On 09/02/2023 Civic Urban Farmer Program participants were hosted by Wantda Stewart, Director of Common Vision, at Prescott Elementary School in Oakland. They spent the day learning about urban farming, soil health, and composting. After the interactive learning session, they visited nearby Bottoms Up Gardens which grows fruits, vegetables,and flowers and they keep backyard chickens and goats.

by Erin Min

You may not think of educating urban farmers in the context of the UC Davis School of Veterinary Medicine, but the school’s Western Institute of Food Safety and Security (WIFSS) collaborated with UC Cooperative Extension two years ago to launch the Civic Urban Farmer Program (CUFP). The program recently received a 2023 Specialty Crop Block grant from the CA Department of Food and Agriculture (CDFA) to support its continuation.

In its second year of operation, the CUFP is a no-cost program for California growers aiming to support urban farmers with technical assistance in growing, harvesting, handling, and marketing specialty crops to increase food production, food availability, land access, and land tenure. CUFP brings together people of diverse backgrounds and interests in urban farming and is designed to grow the number of economically viable, small and beginning, multicultural, sustainable urban farmers in Northern California.

“We have people who haven’t started a garden yet but want to start one,” Program Director Sara Garcia said. “Some people are growing fruits or vegetables in their backyard and giving them away, consuming them for their own family, or donating them to the food bank and all the way to bigger organizations—whether for-profit or non-profit urban farms—that do the gleaning, redistribution, and growing of food.”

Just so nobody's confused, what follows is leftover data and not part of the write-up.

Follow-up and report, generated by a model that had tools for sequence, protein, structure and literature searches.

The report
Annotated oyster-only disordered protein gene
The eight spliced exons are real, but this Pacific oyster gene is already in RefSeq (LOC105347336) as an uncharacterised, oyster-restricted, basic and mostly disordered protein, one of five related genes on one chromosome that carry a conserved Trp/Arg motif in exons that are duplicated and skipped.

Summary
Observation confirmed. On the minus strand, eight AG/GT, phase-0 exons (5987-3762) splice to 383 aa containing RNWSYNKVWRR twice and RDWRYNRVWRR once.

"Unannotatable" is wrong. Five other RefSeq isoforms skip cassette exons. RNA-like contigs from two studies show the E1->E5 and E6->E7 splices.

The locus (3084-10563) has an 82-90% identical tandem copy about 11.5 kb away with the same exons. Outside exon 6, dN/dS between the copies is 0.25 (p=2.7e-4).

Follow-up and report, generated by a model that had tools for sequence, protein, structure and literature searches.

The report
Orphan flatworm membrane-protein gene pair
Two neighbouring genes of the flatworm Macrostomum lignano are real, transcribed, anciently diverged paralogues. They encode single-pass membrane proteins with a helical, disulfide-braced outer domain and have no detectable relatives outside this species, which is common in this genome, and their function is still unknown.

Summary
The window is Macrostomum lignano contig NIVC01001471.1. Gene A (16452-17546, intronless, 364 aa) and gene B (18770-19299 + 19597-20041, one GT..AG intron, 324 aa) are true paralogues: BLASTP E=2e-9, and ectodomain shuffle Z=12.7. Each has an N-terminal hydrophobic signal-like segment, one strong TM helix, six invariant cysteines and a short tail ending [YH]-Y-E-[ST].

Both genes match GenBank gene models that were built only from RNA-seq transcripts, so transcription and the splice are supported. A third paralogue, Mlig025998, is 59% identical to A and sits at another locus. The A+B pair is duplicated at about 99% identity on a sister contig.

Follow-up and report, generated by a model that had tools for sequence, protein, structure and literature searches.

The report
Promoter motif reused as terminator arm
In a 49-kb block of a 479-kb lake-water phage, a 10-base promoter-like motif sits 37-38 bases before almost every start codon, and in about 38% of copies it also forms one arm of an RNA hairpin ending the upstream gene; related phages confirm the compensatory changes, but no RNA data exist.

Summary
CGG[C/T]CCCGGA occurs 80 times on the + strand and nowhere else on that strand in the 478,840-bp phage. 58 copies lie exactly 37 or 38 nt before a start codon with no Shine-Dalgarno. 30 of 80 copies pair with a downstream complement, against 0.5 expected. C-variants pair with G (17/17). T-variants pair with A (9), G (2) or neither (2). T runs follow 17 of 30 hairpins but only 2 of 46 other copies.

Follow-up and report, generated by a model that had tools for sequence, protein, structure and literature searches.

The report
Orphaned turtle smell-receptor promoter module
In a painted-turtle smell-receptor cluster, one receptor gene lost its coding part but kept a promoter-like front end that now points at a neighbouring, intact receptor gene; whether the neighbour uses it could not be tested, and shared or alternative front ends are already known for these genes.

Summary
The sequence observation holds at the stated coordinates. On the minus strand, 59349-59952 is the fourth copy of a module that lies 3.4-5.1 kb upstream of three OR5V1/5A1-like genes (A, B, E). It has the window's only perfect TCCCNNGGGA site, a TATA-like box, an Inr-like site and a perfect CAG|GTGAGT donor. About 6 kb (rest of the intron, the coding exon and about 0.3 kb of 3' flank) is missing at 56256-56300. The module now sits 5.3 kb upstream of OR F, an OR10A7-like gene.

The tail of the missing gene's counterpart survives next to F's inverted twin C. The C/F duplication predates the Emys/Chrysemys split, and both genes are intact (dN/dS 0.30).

Lasting ten weeks in duration, the program consists of weekly interactive remote workshops with hands-on demonstrations and in-person workshops at local urban farms on weekends. CUFP is advancing the One Health for food systems approach, which considers the health of human, animals, plants, and environment and how they influence each other in the context of food systems—by integrating education in food safety with an emphasis on food-borne pathogens, soil quality and health, integrated pest management, and herb and pollinator patches into the program. CUFP also empowers urban farmers to access markets as part of the farm to fork movement, by helping them obtain certification to sell products at farmers’ markets.

This year Dr. Elina Niño, professor of Cooperative Extension in Apiculture, joined the program and offers her expertise on managing pollinators to increase crop yields and create added value products like honey.

An ultimate goal of CUFP is to create a more resilient local food system to solve the problem of food insecurity. Common Vision, a non-profit CUFP partner organization, seeks to solve the same problems by serving schools and children: educating on and growing school gardens and orchards, redistributing food from grocery stores at schools, and more.

“We serve West Oakland which has deep cultural history, and there’s been a lot of environmental, food, and social injustice,” said Wanda Stewart, director of Common Vision. “We want to certainly elevate all those feelings and celebrate and hold up all of that history, but there’s something to do. We want to make the changes that can lead to a cultural transformation of sorts around the ways that the people in our communities interact with the environment, interact with their food.”

For more information about the Civic Urban Farmer Program.

Learn more about Common Vision.

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